The Corner

Schumer-Rubio Bill: Expect Fake Toughening

The Senate Judiciary Committee will start marking up the Schumer-Rubio amnesty bill on Thursday, voting on some 300 amendments that have been submitted. Senator Rubio realizes that the bill is on the ropes and has said it will need stronger security provisions. This is correct as a political matter — i.e., the appearance of tigher border controls will be necessary to dupe enough Republicans into voting for this thing. But the “new” requirements are likely to be as phony as the ones there now.

Exhibit A: Rubio’s press secretary tweeted this AP story, which notes that “Rubio is likely to advocate for some amendments making changes to the border measures, including requiring double-fencing along certain sections of the Mexican border.” Hey, double-fencing, that’s a great idea. In fact, it’s such a great idea that Congress mandated it seven years ago. The Secure Fence Act of 2006 requires that “In carrying out subsection (a), the Secretary of Homeland Security shall provide for at least 2 layers of reinforced fencing” and then goes on to spell out more than 600 miles’ worth of border where that double fencing is to be placed. But of the nearly 2,000-mile-long border with Mexico, only about 30-something miles has double fencing.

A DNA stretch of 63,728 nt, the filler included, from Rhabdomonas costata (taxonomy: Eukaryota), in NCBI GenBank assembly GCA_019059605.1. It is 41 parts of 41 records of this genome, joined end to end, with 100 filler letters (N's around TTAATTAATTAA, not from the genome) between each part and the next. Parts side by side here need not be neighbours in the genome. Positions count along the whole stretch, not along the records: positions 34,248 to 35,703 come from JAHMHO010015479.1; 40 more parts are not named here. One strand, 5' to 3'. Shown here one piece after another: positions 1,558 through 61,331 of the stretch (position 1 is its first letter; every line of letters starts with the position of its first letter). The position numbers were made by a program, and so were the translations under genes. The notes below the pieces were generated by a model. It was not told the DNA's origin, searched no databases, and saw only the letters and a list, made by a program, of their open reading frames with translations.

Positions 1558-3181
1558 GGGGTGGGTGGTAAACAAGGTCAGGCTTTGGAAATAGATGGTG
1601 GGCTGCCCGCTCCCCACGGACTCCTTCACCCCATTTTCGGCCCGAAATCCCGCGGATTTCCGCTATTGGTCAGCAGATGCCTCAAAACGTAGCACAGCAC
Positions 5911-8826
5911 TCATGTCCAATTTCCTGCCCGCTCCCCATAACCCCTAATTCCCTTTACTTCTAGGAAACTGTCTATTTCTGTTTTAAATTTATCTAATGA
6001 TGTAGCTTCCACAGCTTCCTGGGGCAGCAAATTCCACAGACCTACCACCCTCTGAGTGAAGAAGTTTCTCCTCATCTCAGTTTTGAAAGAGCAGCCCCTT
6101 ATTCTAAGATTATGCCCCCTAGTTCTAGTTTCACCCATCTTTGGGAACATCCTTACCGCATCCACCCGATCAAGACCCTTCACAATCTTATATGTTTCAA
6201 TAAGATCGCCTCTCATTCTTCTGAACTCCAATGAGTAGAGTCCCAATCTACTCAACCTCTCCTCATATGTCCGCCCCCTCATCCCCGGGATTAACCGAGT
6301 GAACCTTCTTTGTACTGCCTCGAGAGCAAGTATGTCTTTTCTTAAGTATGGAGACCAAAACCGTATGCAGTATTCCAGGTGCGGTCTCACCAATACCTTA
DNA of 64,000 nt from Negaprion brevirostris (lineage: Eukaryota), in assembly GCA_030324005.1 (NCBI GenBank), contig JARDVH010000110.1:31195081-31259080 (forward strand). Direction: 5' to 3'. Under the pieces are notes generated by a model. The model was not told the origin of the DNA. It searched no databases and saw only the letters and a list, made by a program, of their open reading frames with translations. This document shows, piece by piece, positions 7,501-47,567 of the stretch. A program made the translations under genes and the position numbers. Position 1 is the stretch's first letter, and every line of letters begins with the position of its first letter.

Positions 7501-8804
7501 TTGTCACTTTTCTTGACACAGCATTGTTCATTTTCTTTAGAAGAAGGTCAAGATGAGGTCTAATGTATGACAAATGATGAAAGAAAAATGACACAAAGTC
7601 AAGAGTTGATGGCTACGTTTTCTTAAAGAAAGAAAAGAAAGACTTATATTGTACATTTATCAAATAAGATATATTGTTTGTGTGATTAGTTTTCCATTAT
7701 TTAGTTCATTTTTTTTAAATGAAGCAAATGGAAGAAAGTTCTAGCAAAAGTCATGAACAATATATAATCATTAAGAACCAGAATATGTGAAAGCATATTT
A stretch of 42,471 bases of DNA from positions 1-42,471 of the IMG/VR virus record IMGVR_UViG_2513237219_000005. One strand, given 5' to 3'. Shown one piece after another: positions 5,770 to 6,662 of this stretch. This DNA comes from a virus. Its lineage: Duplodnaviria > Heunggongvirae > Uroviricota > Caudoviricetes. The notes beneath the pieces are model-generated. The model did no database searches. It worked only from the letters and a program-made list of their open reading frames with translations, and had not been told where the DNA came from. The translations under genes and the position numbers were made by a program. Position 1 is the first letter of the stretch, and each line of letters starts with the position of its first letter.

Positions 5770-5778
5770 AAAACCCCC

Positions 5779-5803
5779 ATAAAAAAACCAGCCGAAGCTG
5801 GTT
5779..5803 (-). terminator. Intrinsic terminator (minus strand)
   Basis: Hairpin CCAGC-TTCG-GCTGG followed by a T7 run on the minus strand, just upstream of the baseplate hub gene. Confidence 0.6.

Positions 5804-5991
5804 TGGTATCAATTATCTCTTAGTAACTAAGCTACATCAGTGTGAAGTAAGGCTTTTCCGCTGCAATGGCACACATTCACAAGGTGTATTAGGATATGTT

In other words, the point of any requirement to build double-layer fences that might be added to the Schumer-Rubio bill is to make it appear tougher, with no real expectation that the Obama administration will implement it any more than it is implementing the existing requirement. This is the same with the entry-exit tracking system the bill mandates, which is actually weaker than what Congress required to be built 17 years ago.

The authors of the Schumer-Rubio bill figure conservatives will be placated with a few more tough-sounding empty promises, reminiscent of the apochyphal children’s radio host who, when he thought the mic was off, said, “There, that ought to hold the little bastards.” We’ll see whether enough of us fall for this trick.

Mark Krikorian, a nationally recognized expert on immigration issues, has served as Executive Director of the Center for Immigration Studies (CIS) since 1995.

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